It continued in the third period. Kris Letang was furious after getting called for a trip on Justin Williams, and even more ticked off when the Capitals tied the game on the ensuing power play.

For two periods, the Capitals couldn’t get much going. Only four of their players had registered a shot on goal through 40 minutes, while the Penguins held the edge in that department and held the lead.

Washington came out with more jump in the third period, testing rookie netminder Matt Murray with 14 shots in the final 20 minutes. But the Penguins got the late goal to break the deadlock.

Video: Penguins’ Letang was furious after Capitals tie up Game 2 with power play goal

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Kris Letang watched from the penalty box as the Washington Capitals tied up Game 2 with a power play goal in the third period. The Pittsburgh Penguins defenseman was called for tripping after he appeared to muscle Justin Williams off the puck as he entered the zone.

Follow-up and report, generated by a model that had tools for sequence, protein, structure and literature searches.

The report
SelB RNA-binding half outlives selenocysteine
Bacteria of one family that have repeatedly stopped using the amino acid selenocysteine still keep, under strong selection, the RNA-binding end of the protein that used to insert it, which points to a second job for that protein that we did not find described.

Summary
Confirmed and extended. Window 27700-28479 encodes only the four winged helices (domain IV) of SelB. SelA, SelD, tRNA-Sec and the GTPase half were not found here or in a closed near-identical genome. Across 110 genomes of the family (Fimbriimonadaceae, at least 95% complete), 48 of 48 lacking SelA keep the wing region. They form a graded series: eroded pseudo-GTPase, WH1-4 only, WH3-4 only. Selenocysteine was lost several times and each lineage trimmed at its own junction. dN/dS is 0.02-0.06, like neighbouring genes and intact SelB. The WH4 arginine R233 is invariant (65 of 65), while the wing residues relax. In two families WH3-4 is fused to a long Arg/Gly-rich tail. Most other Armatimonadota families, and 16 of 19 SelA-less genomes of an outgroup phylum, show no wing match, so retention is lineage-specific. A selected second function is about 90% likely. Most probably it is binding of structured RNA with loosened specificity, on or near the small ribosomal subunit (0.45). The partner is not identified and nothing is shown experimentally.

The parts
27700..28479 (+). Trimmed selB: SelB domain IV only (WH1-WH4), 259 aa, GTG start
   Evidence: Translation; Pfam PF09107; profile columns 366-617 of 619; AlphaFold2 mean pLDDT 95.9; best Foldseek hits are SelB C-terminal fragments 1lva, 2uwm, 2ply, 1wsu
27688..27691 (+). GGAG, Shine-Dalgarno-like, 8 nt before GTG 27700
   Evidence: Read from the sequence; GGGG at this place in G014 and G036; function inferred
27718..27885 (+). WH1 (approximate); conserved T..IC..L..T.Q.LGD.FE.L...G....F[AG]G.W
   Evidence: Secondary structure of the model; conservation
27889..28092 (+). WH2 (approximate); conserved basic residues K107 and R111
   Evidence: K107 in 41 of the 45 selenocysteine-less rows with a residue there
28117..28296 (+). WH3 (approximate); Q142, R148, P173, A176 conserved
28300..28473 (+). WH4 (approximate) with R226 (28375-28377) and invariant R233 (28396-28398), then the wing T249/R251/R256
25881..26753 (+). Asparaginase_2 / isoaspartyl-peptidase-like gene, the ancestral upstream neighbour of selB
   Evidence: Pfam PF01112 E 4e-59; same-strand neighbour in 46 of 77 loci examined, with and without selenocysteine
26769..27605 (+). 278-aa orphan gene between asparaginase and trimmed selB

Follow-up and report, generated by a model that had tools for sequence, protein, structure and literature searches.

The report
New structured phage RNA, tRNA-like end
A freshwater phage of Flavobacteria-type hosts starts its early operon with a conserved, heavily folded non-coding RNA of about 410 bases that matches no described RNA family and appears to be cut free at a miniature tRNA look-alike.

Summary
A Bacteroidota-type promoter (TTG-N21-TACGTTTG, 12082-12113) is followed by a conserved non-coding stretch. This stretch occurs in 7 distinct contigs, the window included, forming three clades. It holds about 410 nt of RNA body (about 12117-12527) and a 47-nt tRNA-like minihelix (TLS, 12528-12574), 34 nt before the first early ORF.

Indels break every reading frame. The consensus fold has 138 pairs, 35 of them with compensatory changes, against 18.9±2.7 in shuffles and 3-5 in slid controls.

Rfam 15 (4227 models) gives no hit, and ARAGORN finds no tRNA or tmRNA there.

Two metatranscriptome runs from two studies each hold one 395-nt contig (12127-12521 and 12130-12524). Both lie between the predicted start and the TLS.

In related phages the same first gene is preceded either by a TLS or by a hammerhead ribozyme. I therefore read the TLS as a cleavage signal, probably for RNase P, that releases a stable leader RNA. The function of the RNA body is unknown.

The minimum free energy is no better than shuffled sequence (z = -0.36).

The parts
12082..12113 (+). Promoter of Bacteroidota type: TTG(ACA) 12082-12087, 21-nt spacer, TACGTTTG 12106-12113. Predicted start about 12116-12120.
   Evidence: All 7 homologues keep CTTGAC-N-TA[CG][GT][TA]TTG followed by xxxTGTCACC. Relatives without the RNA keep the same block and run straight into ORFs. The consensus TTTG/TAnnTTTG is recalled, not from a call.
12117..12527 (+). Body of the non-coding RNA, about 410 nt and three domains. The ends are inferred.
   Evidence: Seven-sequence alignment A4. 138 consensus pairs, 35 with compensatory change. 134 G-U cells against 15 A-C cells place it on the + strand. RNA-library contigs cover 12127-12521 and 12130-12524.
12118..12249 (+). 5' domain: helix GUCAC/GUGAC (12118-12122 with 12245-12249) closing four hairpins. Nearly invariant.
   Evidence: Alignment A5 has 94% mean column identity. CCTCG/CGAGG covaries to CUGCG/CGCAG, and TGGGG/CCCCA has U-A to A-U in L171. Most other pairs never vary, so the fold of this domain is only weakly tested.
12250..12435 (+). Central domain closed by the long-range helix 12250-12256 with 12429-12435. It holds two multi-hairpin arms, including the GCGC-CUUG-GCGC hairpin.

Letang let his disagreement with the call be known at the time, and was furious after the Capitals capitalized on a goal from Marcus Johansson.

The Capitals started the period down a goal and being outshot 28-10 by the Penguins, who need a win to even the series.

Also, it seems this is worth mentioning:

Video: Hagelin goes top shelf to give Penguins the lead in Game 2

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In their quest to even the series, the Pittsburgh Penguins had done a nice job through two periods of suffocating the Washington Capitals, while gaining the lead on a beautiful goal.

Carl Hagelin took advantage of a vast amount of space that opened up in front of the Washington net, finishing off a nice pass from Nick Bonino, burying his shot just under the cross bar on the glove side of Braden Holtby.

Through two periods, the Penguins were outshooting Washington 28-10. Only four Capitals players — Alex Ovechkin, T.J. Oshie, Evgeny Kuznetsov and Matt Niskanen — had registered shots on goal.